As a millennial and someone who owns a growing marketing company, I know many businesses are making it a priority to reach and sell to young people. I get it.

Just about everyone knows that members of the millennial community are the cutting edge of technology innovation and adaption. And it's clear that because millennials dominate connective technology they can trigger mass market responses--both good and bad.

And we are future, brand-loyal, life-long customers. I get that too. And we're independent, creative and open to new influences. And so on and so on. All true.

But I have what I think is a new approach for businesses desperate to reach the millennial demo: stop trying.

Or, at a minimum, stop trying so hard.

That's because what millennials want more than anything is authenticity.

Millennials crave authenticity because we're a generation turned off by and away from traditional institutions.

"Millennials are most influenced by their social network of peers and friends, that's where textbook marketing campaigns usually fall flat." Danial Jameel, millennial CEO of Oohlala Mobile the largest mobile community for colleges and students.

Many young people in the millennial cohort first started paying attention to the economy because it was cratering. We have been told we need a college education but have learned that a college degree, even from a good school, guarantees only life-long debt. Approval ratings for the organizations which are supposed to provide leadership--government and religious groups for example--have never been above 'objectively awful' for our entire lives.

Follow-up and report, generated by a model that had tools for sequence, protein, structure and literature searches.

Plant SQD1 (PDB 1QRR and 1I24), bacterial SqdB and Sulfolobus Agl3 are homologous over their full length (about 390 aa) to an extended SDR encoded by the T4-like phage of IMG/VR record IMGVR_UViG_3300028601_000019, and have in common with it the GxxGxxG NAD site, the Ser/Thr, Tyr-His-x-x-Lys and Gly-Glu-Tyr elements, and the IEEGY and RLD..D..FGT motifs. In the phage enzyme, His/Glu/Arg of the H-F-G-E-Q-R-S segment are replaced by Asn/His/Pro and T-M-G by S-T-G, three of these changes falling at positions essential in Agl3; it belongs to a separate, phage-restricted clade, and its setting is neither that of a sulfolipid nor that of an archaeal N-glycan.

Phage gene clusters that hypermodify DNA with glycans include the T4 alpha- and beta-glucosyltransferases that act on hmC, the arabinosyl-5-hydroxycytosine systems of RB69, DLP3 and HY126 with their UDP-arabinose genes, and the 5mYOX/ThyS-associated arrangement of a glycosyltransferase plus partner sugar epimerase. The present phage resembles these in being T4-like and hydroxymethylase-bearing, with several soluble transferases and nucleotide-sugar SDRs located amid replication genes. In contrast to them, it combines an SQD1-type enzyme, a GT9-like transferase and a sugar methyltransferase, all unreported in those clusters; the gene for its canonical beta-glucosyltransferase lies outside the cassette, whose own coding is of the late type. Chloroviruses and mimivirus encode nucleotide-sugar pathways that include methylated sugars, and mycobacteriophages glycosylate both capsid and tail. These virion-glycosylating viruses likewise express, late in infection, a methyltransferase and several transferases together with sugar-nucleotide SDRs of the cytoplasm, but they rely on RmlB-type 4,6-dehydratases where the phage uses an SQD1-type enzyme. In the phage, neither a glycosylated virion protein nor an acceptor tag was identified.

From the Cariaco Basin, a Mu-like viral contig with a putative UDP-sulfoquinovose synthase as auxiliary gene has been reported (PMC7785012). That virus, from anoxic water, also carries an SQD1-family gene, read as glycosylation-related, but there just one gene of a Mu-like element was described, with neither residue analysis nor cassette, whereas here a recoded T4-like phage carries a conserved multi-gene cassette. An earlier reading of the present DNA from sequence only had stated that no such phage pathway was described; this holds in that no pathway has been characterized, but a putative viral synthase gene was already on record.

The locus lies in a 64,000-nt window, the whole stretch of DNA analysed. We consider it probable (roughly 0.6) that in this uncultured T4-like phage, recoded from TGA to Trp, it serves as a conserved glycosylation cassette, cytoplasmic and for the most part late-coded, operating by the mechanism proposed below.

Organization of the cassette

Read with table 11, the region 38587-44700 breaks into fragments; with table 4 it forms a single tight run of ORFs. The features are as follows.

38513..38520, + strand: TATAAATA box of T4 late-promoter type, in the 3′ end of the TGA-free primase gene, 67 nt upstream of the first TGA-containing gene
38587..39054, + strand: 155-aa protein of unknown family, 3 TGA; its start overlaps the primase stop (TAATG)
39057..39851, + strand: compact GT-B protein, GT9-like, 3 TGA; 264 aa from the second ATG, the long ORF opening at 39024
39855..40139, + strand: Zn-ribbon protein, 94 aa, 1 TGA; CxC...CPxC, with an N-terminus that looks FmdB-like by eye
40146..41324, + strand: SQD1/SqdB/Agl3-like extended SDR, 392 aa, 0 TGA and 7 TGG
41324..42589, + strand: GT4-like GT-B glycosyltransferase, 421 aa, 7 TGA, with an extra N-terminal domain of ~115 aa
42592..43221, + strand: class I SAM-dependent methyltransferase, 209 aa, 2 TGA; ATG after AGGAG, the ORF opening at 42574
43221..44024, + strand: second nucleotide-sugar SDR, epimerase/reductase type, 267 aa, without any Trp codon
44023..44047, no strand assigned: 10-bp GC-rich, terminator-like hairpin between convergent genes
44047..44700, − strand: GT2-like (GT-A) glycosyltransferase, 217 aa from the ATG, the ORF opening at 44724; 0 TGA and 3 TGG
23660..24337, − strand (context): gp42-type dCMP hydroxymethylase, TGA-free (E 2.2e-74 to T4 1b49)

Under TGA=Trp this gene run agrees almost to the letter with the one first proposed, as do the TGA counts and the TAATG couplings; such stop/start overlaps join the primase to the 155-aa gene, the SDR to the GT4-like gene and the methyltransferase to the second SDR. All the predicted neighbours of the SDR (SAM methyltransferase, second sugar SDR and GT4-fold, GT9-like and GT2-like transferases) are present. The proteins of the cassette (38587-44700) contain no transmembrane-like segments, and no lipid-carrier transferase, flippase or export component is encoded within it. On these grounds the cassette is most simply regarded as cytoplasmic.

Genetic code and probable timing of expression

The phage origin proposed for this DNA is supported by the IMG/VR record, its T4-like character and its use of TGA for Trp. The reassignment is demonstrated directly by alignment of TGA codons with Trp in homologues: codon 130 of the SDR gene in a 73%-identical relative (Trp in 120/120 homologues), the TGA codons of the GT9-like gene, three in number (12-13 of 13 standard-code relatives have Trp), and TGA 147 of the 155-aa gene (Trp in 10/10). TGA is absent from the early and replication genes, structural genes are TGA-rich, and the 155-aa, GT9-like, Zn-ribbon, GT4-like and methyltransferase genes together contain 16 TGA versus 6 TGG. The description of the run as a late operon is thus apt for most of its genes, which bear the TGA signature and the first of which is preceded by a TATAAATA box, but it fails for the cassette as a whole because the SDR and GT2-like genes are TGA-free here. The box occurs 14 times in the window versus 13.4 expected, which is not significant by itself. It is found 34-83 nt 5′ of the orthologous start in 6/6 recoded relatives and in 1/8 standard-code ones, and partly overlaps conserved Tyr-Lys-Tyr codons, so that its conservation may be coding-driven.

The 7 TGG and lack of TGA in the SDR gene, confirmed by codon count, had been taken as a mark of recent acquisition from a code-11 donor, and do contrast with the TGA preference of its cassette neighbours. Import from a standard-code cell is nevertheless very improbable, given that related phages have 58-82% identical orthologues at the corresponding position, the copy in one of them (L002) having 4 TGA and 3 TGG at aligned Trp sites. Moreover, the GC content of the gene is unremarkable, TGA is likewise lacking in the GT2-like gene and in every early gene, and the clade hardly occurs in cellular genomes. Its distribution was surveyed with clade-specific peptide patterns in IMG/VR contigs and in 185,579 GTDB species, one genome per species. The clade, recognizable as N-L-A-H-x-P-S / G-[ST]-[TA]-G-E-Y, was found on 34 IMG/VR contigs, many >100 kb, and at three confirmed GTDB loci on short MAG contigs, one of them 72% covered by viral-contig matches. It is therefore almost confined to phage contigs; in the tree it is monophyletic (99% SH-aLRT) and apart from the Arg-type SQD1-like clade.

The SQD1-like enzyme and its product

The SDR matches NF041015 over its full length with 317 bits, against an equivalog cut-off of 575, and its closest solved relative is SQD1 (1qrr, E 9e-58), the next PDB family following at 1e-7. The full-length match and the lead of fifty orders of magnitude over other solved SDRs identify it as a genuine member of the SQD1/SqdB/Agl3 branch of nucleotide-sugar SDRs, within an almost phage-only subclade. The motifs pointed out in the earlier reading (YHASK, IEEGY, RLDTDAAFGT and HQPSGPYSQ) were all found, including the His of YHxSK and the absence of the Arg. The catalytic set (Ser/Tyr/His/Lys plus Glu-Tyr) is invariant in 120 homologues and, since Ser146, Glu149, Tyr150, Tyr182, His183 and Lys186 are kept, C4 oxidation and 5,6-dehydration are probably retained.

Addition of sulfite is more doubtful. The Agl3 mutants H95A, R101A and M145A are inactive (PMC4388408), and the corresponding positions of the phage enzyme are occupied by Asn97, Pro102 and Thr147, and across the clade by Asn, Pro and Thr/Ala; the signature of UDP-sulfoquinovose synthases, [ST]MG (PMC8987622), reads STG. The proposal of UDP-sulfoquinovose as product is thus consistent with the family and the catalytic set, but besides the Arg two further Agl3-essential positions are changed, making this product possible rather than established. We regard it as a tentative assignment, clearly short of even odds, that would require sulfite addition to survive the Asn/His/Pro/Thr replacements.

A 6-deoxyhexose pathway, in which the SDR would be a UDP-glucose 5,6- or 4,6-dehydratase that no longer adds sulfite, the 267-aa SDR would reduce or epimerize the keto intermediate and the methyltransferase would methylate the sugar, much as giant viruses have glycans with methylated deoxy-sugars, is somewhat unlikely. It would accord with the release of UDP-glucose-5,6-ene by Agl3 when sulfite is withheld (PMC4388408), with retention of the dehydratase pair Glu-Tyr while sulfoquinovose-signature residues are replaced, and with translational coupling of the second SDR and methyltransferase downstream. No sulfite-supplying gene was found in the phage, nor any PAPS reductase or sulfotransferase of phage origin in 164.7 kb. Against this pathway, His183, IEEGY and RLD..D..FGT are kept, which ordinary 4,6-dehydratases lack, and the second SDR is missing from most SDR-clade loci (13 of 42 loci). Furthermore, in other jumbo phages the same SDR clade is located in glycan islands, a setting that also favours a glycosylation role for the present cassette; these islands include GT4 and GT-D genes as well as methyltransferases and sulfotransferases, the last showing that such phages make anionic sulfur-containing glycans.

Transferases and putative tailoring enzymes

As highly skeptical of intuitional wisdom as we are, we're doubly skeptical of intuitions which want something from us, businesses, for example. They see the future earning potential, brand loyalty of an entire generation and are eager to swoop in and try to capture it.

As a business investor and marketer, I see that.

The challenge for marketers and business leaders is that what millennials want (authenticity, honesty and credibility) are often at odds with the orchestrated outreach of marketing. It falls flat.

"The 48 Laws of Power, dangling the carrot, and bait and switch tricks," will not work on millennials, according to Jason Seyler, Author, Mastering Millennials. . "...Keep it real, if it ain't real, don't keep it," he says.

Here's my advice both as a business leader and a millennial--Don't chase, lead. Don't try to impress, be impressive. Instead of investing marketing resources chasing millennial customers, design a better product.

Remember, the millennial generation is more connected, has access to more information and options than any previous generation. You still need to market your products generally, but if you have a good product on the market, we will find it. If it's really good, helpful, creative or fun and you're authentic, we'll tell others.

That's the kind of marketing you literally can't buy.

And for millennials, at least, it's the kind of marketing you shouldn't even try to buy.